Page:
Kansas beat North Carolina in the NCAA men’s basketball title game in New Orleans on Monday, the program’s 4th national championship and the second for longtime coach Bill Self.
[Previous story, published at 1:30 p.m. ET]
Men’s college basketball titans North Carolina and Kansas will meet in the NCAA national championship game in New Orleans on Monday night at 9:20 p.m. ET, and one team will end the night by adding another trophy to its illustrious cabinet.
The 8th-seed UNC is the clear underdog despite the acclaimed team’s history of success, which includes six national titles. The Tar Heels (29-9) are led by coach Hubert Davis, who is in his first year in the role at UNC. He took over from Roy Williams, who retired after helming UNC for 18 seasons and Kansas for 15 years before that.
Kansas (33-6), a No. 1 seed, has had a less eventful journey to the title game. The Jayhawks survived close matchups with Creighton and Providence in the earlier rounds, and pulled away late in a romp over 10th-seed Miami to reach the Final Four.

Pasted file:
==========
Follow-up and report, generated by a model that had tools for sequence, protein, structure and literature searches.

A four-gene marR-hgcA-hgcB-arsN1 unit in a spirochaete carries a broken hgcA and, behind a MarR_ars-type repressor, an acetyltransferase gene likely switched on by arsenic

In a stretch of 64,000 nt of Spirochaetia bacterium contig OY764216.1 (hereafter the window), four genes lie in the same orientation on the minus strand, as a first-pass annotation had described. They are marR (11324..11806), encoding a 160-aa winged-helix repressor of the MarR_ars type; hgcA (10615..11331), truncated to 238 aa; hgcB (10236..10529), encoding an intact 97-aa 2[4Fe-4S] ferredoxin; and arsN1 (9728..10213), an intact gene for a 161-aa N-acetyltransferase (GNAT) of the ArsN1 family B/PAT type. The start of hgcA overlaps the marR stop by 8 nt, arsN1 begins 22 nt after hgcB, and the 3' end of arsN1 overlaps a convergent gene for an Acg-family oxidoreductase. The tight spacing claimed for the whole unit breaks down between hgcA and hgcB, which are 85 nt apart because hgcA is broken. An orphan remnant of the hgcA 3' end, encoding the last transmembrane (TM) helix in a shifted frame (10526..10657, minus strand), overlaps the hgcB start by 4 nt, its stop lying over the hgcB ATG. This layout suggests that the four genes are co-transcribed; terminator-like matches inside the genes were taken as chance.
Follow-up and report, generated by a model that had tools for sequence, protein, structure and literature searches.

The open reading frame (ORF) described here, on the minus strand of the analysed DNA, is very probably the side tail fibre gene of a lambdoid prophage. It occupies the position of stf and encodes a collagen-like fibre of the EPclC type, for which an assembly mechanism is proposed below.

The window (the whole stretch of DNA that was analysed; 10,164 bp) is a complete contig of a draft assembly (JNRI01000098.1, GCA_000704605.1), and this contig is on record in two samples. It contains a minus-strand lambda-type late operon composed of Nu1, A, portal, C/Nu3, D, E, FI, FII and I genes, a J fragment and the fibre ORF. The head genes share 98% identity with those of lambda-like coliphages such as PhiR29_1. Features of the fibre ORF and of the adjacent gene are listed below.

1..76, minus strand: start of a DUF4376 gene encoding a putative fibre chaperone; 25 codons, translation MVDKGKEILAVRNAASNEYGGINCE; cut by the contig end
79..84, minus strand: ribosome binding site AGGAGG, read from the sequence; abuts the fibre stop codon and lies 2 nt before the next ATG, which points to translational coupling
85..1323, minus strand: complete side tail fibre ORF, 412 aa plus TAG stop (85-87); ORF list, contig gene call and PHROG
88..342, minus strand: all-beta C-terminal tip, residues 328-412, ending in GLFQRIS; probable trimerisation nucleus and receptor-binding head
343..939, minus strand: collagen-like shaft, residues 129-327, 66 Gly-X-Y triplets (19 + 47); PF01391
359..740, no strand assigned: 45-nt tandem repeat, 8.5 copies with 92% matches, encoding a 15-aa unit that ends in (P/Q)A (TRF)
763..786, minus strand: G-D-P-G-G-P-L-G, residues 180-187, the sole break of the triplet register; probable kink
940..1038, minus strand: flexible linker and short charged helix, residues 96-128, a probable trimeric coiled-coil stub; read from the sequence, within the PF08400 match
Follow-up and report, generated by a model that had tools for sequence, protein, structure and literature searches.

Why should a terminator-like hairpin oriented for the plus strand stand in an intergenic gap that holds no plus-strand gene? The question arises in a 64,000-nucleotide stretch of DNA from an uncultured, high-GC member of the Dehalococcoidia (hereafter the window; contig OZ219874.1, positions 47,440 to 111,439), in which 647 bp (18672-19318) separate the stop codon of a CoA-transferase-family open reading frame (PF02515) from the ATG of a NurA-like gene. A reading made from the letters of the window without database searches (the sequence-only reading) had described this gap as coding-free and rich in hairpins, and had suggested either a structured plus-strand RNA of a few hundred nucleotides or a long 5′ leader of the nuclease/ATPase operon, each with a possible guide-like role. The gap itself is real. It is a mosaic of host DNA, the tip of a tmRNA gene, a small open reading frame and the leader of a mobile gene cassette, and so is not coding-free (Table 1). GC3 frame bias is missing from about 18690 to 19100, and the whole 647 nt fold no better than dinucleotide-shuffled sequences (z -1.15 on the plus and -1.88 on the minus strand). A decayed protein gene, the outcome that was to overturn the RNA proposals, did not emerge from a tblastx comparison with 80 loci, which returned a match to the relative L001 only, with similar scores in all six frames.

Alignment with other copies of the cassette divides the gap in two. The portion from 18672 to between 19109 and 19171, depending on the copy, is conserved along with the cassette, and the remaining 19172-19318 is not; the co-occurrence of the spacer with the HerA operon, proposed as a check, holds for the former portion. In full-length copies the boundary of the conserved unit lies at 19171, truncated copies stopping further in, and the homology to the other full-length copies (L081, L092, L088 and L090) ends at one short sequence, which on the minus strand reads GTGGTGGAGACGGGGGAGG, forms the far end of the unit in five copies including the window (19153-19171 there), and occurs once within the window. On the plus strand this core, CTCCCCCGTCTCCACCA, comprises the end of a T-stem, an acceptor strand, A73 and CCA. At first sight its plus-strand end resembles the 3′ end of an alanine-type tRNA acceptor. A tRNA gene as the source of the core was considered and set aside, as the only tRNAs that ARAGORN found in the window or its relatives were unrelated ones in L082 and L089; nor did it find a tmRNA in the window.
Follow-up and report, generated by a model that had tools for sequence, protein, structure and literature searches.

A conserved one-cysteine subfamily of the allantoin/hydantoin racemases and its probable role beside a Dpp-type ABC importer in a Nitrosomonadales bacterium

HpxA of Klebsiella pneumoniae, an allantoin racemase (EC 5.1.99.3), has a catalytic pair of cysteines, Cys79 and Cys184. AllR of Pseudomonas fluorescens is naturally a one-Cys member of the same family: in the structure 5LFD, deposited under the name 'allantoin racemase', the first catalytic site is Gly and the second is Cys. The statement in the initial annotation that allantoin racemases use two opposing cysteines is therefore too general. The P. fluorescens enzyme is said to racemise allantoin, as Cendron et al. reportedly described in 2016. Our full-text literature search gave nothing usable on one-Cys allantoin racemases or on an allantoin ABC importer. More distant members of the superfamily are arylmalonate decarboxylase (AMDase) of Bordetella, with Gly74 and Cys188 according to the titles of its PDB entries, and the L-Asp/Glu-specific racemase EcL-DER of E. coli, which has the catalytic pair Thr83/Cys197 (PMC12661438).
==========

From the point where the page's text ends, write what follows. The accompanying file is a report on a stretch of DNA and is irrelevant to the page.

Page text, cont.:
Kansas coach Bill Self, who last won a national title in 2008, is searching for the program’s fourth championship. The Jayhawks lost in the title game in 2012 and were one of the favorites in 2020 before the tournament was canceled due to Covid-19. UNC has won six national titles in its history, including in 2005, 2009 and 2017.
Both UNC and Kansas rely on the steady hands of upperclassmen in a sport often defined by star one-and-done freshmen on their way to the NBA.
The Tar Heels feature the scoring and rebounding prowess of junior forward Armando Bacot, the big man who leads the team with 16 points per game. He pulled down 21 rebounds against Duke on Saturday and 22 against St. Peter’s, as UNC racked up a number of second-chance opportunities. However, Bacot hurt his ankle against Duke and could be limited in the title game.
Kansas, meanwhile, relies on the stellar shooting of Agbaji, who shot 41% from 3-point range this season and led the team in scoring with about 19 points per game. The Jayhawks use an inside-out game as they spread an array of shooters around McCormack’s 6-foot-10 presence in the paint.
Quoted from Various Sources
Published for: The Bloggers Briefing